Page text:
Democracy Rising

"Those who make peaceful revolution impossible will make violent revolution inevitable" ~ President John F. Kennedy

Thursday, September 29, 2005

The Path To Recognition?

If there was ever a nation more deserving of international recognition (other than Taiwan) it would be Somaliland. This northern section of war-torn but recognized Somalia has escaped the death, chaos and lawlessness of its southern counterpart. It is the only part of the territory to have Democracy (a rare diamond in Africa) coupled with a thriving economy. The territory had been independent in 1960, before unification with what was then Italian Somaliland (modern day Somalia). It re-declared independence with the outbreak of war in 1991, unfortunately unable to bring the regions of Sanag and Sool, which had previously been part of its territory, back under control.

Well thats the history lesson, and the significance? Today for the first time the people of this nation are going to the polls to elect a parliament. 3 parties are able to stand, with a handful of women candidates vying for 82 seats in the lower house. In addition to funding 70% of the costs of the ballot, many observers will be from EU states.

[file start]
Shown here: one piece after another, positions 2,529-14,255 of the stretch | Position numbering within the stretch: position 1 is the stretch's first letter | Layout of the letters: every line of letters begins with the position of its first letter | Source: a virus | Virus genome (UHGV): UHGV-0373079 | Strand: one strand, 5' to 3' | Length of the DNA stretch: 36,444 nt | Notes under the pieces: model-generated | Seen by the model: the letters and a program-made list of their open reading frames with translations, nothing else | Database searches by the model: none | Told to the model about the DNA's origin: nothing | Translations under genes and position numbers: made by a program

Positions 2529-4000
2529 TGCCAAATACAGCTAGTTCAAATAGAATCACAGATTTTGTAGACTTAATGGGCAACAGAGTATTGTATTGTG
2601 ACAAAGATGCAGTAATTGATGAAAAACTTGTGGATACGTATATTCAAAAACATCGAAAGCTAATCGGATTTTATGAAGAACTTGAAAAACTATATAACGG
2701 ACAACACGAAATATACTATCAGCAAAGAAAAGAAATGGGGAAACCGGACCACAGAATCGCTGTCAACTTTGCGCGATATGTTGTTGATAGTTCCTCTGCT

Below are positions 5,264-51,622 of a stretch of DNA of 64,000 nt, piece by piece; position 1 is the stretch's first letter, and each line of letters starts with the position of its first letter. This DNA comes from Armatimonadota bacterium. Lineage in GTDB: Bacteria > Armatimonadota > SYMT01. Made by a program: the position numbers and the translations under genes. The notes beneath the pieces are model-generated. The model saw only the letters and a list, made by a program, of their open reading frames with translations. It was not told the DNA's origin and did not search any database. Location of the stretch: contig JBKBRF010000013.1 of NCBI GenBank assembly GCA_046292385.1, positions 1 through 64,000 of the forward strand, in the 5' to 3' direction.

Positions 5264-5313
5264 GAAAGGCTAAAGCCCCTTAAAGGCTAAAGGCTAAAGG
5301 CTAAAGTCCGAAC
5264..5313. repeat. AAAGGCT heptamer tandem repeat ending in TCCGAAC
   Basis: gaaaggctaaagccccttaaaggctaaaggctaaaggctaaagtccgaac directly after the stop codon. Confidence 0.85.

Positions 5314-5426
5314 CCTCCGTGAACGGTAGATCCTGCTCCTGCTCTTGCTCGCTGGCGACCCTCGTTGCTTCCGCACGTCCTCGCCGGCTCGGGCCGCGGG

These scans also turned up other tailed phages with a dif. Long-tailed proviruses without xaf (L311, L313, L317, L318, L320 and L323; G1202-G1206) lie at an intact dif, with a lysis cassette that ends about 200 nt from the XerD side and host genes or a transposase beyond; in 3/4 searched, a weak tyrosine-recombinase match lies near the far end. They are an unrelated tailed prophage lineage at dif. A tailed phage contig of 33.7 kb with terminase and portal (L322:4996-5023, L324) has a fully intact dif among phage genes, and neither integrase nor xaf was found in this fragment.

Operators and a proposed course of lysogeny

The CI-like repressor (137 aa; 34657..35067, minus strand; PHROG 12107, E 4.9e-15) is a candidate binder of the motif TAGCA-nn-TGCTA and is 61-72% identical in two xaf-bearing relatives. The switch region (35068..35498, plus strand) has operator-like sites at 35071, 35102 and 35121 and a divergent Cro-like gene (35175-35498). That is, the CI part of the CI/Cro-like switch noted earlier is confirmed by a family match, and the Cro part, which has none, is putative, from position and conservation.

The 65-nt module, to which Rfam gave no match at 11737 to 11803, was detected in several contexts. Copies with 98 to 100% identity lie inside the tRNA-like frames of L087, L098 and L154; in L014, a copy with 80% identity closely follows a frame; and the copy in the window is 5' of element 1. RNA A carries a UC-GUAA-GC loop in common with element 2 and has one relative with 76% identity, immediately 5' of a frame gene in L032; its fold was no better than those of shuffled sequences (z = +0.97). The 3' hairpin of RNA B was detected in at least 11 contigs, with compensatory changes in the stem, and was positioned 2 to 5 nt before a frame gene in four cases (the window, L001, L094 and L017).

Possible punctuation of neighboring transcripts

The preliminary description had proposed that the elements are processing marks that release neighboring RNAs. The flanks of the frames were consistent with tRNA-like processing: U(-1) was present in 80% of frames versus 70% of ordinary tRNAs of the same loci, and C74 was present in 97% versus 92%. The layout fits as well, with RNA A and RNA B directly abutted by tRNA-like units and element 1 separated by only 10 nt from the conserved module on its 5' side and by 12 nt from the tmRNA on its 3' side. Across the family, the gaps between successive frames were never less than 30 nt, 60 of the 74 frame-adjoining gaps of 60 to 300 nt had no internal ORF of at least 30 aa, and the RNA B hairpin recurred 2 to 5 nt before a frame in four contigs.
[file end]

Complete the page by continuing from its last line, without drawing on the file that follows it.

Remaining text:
So why has Somaliland been unable to obtain the elusive international recognition it seeks? Largely due to the instability in Somalia. The world is hoping this war-torn nation can rise from the ashes to some form of stability. By granting independence to the break-away region the fragile peace that currently exists would surely be shattered. Unfortunately the 'stability' of Somali President Abdullahi Yusuf Ahmed is unlikely to bring democracy, economic growth, the rule of law, or any of Somalilands many credentials.

In his previous post as head of the Puntland region, Ahmed oversaw yet another African dictatorship, repressing media and attempting to extend his mandate through illegitimate means. He also triggered a series of skirmishes with Somaliland, attemtping to wrestle for control of land exempt from Puntlands territory. Since taking over as Transitional Head of State Ahmed has stirred up trouble through the recruitment of private militias. It seems that once again the West is chosing to support a repressive dictator, whilst one of the continents few democracies struggle by.

With international recognition, the democratic process of Somaliland could be authoritively overseen and monitored. In addition, this region could be a powerful ally to Washington. Only this week it arrested four al-Qaeda militants, including one prominent member of the terroist group. However with no positive signals coming from the world community, Somaliland looks set to remain an unknown and unloved state for years to come.


Post a Comment

<< Home